It’s a night like any other on board the Icarus. Then, catastrophe strikes: the massive luxury spaceliner is yanked out of hyperspace and plummets into the nearest planet. Lilac LaRoux and Tarver Merendsen survive. And they seem to be alone. Lilac is the daughter of the richest man in the universe. Tarver comes from nothing, a young war hero who learned long ago that girls like Lilac are more trouble than they’re worth. But with only each other to rely on, Lilac and Tarver must work together, making a tortuous journey across the eerie, deserted terrain to seek help. Then, against all odds, Lilac and Tarver find a strange blessing in the tragedy that has thrown them into each other’s arms. Without the hope of a future together in their own world, they begin to wonder—would they be better off staying here forever? Everything changes when they uncover the truth behind the chilling whispers that haunt their every step. Lilac and Tarver may find a way off this planet. But they won’t be the same people who landed on it.
This book though. These Broken Stars was most definitely my most anticipated release of 2013, with that cover luring me in like sirens do sailors at sea ever since its release announcement. I mean, that cover is probably the most beautiful thing I had seen all year. It has the perfect space odyssey/mythology ratio that just did it for me even way before I knew what the whole story was about. I was so, so happy when These Broken Stars became everything I had hoped for. I finished it in three hours without a single break because, yup, it was that good.
These Broken Stars has been helmed as ‘Titanic in space’ so often I couldn’t pass a chance to mention it. It’s a perfect tagline, really, for a story about two star-crossed lovers who travel through space on one of the most advanced ships ever built. Here’s the thing, though, where These Broken Stars manages to make a name of it’s very own – we leave behind the Titanic disaster element of the story fairly early on, morphing into a haunting survival story that reveals evermore injustices of this sci-fi dystopian universe. After the Icarus crashes on an unknown planet, the two leads are faced with an unexplored terrain, an eerie presence that radiates through the lands, and whether or not to they have the will and reason to make it out of this tragedy alive.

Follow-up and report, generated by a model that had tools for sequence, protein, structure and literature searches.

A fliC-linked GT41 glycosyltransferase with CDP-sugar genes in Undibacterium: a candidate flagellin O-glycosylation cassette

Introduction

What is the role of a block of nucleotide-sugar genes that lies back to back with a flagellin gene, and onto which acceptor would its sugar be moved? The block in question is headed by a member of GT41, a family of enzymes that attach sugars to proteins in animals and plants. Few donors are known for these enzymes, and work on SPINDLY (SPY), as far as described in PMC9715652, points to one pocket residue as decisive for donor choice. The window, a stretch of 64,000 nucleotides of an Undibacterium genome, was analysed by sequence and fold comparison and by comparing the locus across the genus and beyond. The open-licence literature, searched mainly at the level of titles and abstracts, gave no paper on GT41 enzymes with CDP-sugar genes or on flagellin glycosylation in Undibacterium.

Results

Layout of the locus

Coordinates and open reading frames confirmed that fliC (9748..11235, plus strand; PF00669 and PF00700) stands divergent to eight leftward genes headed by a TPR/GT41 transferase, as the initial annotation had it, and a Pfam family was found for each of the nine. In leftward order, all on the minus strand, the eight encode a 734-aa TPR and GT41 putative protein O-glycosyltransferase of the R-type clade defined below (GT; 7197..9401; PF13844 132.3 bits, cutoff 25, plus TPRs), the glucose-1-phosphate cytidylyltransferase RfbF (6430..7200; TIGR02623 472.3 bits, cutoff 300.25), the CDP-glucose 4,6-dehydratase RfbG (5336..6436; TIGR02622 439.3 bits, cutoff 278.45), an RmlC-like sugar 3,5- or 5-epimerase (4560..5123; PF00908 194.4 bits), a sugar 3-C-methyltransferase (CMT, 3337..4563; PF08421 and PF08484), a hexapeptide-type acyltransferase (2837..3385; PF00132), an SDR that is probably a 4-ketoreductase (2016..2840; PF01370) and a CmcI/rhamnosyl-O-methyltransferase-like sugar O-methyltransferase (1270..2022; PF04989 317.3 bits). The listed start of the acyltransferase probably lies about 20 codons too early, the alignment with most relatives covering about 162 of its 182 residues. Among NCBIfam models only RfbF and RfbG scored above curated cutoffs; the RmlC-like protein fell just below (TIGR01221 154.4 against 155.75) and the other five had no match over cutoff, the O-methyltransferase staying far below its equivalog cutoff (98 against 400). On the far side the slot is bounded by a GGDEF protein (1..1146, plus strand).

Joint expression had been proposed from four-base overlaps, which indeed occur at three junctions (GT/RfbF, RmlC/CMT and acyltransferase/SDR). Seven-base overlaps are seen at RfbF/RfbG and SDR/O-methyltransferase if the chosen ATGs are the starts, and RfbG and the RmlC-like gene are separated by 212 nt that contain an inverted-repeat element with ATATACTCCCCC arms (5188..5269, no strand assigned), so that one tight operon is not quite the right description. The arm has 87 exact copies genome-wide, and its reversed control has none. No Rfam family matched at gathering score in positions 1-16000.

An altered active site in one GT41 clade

The book’s opening chapters are incredibly spot-on. We meet both main characters, Lilac LaRoux – daughter to the richest man in the galaxy – and Tarver Merendsen – the youngest war hero of said galaxy – right in the beginning. We immediately know they’re going to be in each other’s lives for far longer than initially set up as, and yet you keep wondering that maybe their stories aren’t going to intertwine for long at all. And that is what makes the crash and their subsequent journey together so much more compelling, because as much as we have learned about them as individuals, they have both so far acted out choices that would have had them not cross paths ever again. Most of the time, early meetings throw me off because I’d rather have a little bit of mystery within the plot, but both Lilac’s and Tarver’s inner monologues work their magic so convincingly, I didn’t mind once. There are doubts about their standpoints all the way through the story, and I think it takes a lot of skill to create characters that are both likable one instance and then dislikeable the next as they temporarily fall back into old patterns. It’s the easiest way to just go ahead and form perfect heroes and heroines out of words who do nothing wrong or who have a character development as fast as light travels, but Kaufman and Spooner have done a wonderful job to create real people instead of plot twist agents. Lilac and Tarver are both stubborn and condescending at times, and yet they are loyal, steadfast and compassionate, too. They both start off the journey with different morals and goals, yet manage to find a common ground throughout their track across the planet’s grass planes and rocky hills, and there’s just something about the connection they form that resonated deeply with me. They really just work so well together. The backdrop of the galaxy being but a small map due to the invention of hyperspace travel further made for such a unique mash with what Lilac and Tarver have to face at the end of the road, and that originality had be tear through the pages as fast as I could. The final 30% or so of the book had me gasping over every new chapter, there are so many bizarre things happening that made for a grandiose finale.
The book’s structure is something that I feel needs a special mention, because every chapter has a 1-page-preface of sorts that consists of dialogue only from an interview being conducted with Tarver that took place at the end of the book. It created a heart-stopping suspense as well as some funny moments. I honestly can’t wait for the second book to arrive, even though that one will be about two new characters, but I’m 100% convinced it will be just as epic as this one. There’s a lot to tell about Kaufman and Spooner’s universe, and I can’t wait to see it unfold!